SpongeBob blackout looms for DirecTV subscribers
(Reuters) - DirecTV customers may not see SpongeBob, Snooki or Jon Stewart after midnight on Tuesday because of a heated impasse taking place between the largest U.S. satellite TV provider and Viacom Inc, the company behind the popular cartoon, reality series and political talk show.
In a blog post on Viacom's website, spokesman Mark Jafar wrote that despite Viacom's "best efforts" DirecTV rejected proposals to renew their contract. Nearly 20 million DirecTV customers will not have access to 26 Viacom channels including MTV and Nickelodeon if a new deal isn't struck by midnight Tuesday.
The stand off is the latest saga taking place between media companies and cable and satellite TV providers over the cost of content. These providers pay a fee to media companies that allows them to carry channels such as MTV. Programming is the single biggest cost for distributors and in recent years they have taken a hard line against what they view as unreasonable "carriage fee" increases by content companies like Viacom.
On July 1, AMC Networks, the company behind "Breaking Bad," "The Walking Dead," and "Mad Men" was removed from the Dish Network after the two companies could not reach a new contract.
The possibility of DirecTV dropping Viacom's networks was foreshadowed in a mid-June note by Bernstein Research analyst Todd Juenger.
Citing falling ratings at Nickelodeon and other Viacom networks, Juenger wrote, "We believe it is no longer inconceivable that a distributor would drop Viacom, or at least engage in a public battle with them over price increases."
Viacom is in the process of negotiating a new deal with DirecTV to replace its current seven year contract after it expires. Viacom, controlled by billionaire Sumner Redstone, described the contract as "ancient by the standards of the ever-evolving media industry - which means that DirecTV has enjoyed way below market rates for Viacom's networks for a very long time."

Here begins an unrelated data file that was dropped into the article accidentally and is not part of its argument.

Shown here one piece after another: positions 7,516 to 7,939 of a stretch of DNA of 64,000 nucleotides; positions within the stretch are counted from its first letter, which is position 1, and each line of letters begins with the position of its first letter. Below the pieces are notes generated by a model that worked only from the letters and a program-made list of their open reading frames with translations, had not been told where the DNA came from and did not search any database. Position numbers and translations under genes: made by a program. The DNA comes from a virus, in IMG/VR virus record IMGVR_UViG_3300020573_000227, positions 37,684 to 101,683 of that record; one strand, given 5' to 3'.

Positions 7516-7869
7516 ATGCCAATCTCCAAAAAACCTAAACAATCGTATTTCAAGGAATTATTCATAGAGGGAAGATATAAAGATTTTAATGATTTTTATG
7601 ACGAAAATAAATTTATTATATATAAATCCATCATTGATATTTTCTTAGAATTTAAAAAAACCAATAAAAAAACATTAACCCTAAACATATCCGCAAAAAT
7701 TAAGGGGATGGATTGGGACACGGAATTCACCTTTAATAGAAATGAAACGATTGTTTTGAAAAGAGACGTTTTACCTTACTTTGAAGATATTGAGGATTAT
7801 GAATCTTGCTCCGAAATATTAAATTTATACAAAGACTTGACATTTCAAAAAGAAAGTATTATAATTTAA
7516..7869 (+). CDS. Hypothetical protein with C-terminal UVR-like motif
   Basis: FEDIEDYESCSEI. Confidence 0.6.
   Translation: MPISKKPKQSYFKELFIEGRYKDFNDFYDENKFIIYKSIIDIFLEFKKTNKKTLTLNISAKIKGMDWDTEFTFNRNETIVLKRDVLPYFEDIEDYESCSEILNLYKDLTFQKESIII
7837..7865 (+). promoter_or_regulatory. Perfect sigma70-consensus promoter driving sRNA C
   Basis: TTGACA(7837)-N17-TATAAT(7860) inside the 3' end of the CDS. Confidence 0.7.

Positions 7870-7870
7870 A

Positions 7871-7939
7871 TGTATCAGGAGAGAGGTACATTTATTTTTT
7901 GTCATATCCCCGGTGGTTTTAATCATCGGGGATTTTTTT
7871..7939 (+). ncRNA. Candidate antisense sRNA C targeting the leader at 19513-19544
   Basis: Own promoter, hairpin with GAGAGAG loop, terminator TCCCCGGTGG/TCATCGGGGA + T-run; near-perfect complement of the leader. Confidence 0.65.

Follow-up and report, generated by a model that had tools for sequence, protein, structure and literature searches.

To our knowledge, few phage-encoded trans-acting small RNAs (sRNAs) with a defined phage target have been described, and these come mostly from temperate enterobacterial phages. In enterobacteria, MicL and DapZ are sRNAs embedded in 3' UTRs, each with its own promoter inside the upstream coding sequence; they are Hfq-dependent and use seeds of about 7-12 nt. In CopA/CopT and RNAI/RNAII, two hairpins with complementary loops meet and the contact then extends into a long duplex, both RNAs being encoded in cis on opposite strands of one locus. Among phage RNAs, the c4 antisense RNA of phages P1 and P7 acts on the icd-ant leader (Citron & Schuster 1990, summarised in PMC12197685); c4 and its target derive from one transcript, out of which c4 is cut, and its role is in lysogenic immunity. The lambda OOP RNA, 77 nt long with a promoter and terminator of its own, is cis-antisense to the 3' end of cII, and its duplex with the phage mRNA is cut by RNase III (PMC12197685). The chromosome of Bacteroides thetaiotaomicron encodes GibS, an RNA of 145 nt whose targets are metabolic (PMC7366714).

DirecTV said that Viacom "now insists" to be paid 30 percent more -- or about a billion extra dollars -- for the same programming.
"If Viacom wants so much more, then we believe your family needs to be able to choose which Viacom networks you want to pay to keep and which ones you don't," DirecTV said on a question and answer section on its website.
DirecTV is alluding to a debate currently raging among content owners and buyers about the ability to cherry pick channels. As it stands now, content providers typically package all of their channels together -- known in the industry as "bundling" -- rather than let customers choose the ones they want to watch.
"To be clear, we have offered Viacom increased fees for their networks going forward; we just can't afford the extreme increases they are asking for," DirecTV said.
This is not the first time a distributor has threatened to black out Viacom's channels due to a contract dispute. In 2004, Dish actually dropped Viacom cable networks after the two sides failed to reach agreement on a new distribution deal. But, citing the popularity of Viacom's channels, BTIG analyst Richard Greenfield noted the black out only lasted "for about 46 hours before Dish caved to Viacom's demands."
"It will be interesting to see whether DirecTV's [CEO] Mike White wants to go to war with Viacom and make the same mistake Charlie Ergen made 8 years ago. Hard to imagine DirecTV without Nick and Nick Jr.," Greenfield wrote in a blog post early Tuesday.
(Reporting By Jennifer Saba; Editing by Peter Lauria, Sofina Mirza-Reid and Andrew Hay)
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